By all accounts the K-7 is a solid piece of kit. But based on my experiences, I fully expect my wife's K-x to last as long as my other cameras.

I agree with everything you have said here. Although I still think the K-7 is the way to go here. Granted I am sure the OP will never do to it as much as you have done to your cameras!

The only part I slightly disagree with here is that the K-x can take a drop and the fiber shell could crack open nicely... and granted the seams could open up even if it didnt crack. HOWEVER, the K-x does have a very nice stainless steel chassis just like the K-7 (I don't know if one is stronger than the other), so a lot of the damage to the K-x could just end up being cosmetic. One thing about the old stuff you mentioned... well people just don't make them like they used to... most people would agree that what was made many years ago was built much better than today's money saving designs.

The three year warranty on the K-7 is also a nice thing.
07-06-2010, 11:02 PM   #21
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The camera body is only part of the equation. I've often read the sage advice on this forum that it is better to put one's money into good lenses than into the next latest greatest dslr body to be had. I started out with the K10D because I really hate those cameras with program modes that have the little pictures to tell you what each mode is good for. I also really liked the LCD screen on the top of the camera, which made adjusting my exposure settings much easier. I did not see much reason to upgrade to the K20D when it was introduced. I bought a better lens instead. Other than Pentax offering a full frame body at some point, I can't find any reason to upgrade from my current K-7. The 14 mega pixels it offers is more than sufficient resolution capability for this amature photographer. For durability over the long term, I would recommend the K-7. It is a beautiful and durable camera, which if treated well will last a long time and will not be quickly outgrown.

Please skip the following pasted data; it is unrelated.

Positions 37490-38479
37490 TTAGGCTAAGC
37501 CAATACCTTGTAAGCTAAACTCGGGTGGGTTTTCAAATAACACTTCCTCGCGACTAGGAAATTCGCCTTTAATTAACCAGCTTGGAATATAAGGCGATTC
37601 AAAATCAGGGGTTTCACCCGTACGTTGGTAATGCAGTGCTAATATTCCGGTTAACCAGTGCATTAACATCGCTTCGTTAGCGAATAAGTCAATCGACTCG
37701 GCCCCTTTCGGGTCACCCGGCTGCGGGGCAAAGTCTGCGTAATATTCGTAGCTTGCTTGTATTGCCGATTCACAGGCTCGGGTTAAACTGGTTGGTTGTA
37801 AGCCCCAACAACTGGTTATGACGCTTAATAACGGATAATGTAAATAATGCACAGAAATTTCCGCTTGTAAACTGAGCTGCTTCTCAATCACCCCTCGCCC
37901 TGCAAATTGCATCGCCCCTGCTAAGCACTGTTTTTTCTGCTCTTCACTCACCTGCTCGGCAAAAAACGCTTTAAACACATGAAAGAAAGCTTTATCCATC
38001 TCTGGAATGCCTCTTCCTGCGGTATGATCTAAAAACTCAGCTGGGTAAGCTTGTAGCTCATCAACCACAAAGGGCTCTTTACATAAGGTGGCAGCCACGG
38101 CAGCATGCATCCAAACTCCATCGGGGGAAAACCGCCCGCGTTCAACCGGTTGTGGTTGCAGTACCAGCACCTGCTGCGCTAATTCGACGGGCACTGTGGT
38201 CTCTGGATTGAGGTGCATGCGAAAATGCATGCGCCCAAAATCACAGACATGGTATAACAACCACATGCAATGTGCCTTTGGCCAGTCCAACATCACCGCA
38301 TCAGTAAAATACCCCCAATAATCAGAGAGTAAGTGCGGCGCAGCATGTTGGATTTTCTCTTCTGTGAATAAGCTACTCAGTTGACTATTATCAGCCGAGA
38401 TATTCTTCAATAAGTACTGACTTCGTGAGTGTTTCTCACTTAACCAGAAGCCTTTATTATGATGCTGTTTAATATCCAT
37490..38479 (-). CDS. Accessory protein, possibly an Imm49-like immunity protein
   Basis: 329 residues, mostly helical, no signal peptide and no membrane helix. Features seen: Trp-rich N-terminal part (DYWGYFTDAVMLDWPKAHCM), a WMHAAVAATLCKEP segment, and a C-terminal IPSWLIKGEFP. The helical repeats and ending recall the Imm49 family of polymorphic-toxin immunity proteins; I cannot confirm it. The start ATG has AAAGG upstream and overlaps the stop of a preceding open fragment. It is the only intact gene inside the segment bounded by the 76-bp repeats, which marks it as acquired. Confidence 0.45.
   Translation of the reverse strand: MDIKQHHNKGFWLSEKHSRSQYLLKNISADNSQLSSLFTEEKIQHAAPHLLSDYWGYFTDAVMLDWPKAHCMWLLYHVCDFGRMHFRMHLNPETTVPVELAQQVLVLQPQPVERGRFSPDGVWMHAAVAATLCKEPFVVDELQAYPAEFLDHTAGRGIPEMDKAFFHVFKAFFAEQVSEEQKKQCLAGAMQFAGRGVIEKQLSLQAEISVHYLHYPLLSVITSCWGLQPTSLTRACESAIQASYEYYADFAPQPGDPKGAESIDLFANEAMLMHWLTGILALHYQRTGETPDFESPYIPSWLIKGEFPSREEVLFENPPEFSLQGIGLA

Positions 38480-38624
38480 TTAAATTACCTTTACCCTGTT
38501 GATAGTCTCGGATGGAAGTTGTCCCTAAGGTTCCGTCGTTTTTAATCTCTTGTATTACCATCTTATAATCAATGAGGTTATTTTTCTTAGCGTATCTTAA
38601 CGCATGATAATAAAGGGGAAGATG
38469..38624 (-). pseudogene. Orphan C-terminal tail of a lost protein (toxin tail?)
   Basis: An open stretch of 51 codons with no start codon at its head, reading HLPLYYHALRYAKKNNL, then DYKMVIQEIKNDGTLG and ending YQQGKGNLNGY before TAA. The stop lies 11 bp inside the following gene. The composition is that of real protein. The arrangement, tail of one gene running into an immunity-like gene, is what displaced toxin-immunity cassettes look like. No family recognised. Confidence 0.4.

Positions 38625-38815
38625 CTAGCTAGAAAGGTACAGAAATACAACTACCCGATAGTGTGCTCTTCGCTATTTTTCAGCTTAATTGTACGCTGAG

I think it is very easy to get caught up in the newest and latest body. lens, etc.. If you would like some pictures for thought (so to speak) on the relative merits of different camera bodies and lenses, I would recommend going to the Pentax Imaging website and spend some time looking at pictures in their picture gallery. There are some amazing pictures taken with 6 mega pixel cameras and/or with lenses that have been denigrated in the lens review database here on the forum. Over-focusing on the equipment aspect can eclipse the the role the eye and mind behind the camera plays in creating beautiful photographs. Get the best equipment you can afford and enjoy capturing what your mind and eyes see!
07-07-2010, 01:13 AM   #22
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QuoteOriginally posted by loveisageless Quote
The camera body is only part of the equation. I've often read the sage advice on this forum that it is better to put one's money into good lenses than into the next latest greatest dslr body to be had. I started out with the K10D because I really hate those cameras with program modes that have the little pictures to tell you what each mode is good for. I also really liked the LCD screen on the top of the camera, which made adjusting my exposure settings much easier. I did not see much reason to upgrade to the K20D when it was introduced. I bought a better lens instead. Other than Pentax offering a full frame body at some point, I can't find any reason to upgrade from my current K-7. The 14 mega pixels it offers is more than sufficient resolution capability for this amature photographer. For durability over the long term, I would recommend the K-7. It is a beautiful and durable camera, which if treated well will last a long time and will not be quickly outgrown.

I think it is very easy to get caught up in the newest and latest body. lens, etc.. If you would like some pictures for thought (so to speak) on the relative merits of different camera bodies and lenses, I would recommend going to the Pentax Imaging website and spend some time looking at pictures in their picture gallery. There are some amazing pictures taken with 6 mega pixel cameras and/or with lenses that have been denigrated in the lens review database here on the forum. Over-focusing on the equipment aspect can eclipse the the role the eye and mind behind the camera plays in creating beautiful photographs. Get the best equipment you can afford and enjoy capturing what your mind and eyes see!
True. Well put.
07-07-2010, 04:40 AM   #23
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QuoteOriginally posted by loveisageless Quote
I can't find any reason to upgrade from my current K-7.
Famous last words. Wait until you see the K-8.

I'm a long-time film shooter who put his toe in the digital waters ten years ago. I'm now up to four DSLR bodies, and that does not include a K-7. The digital train never stops.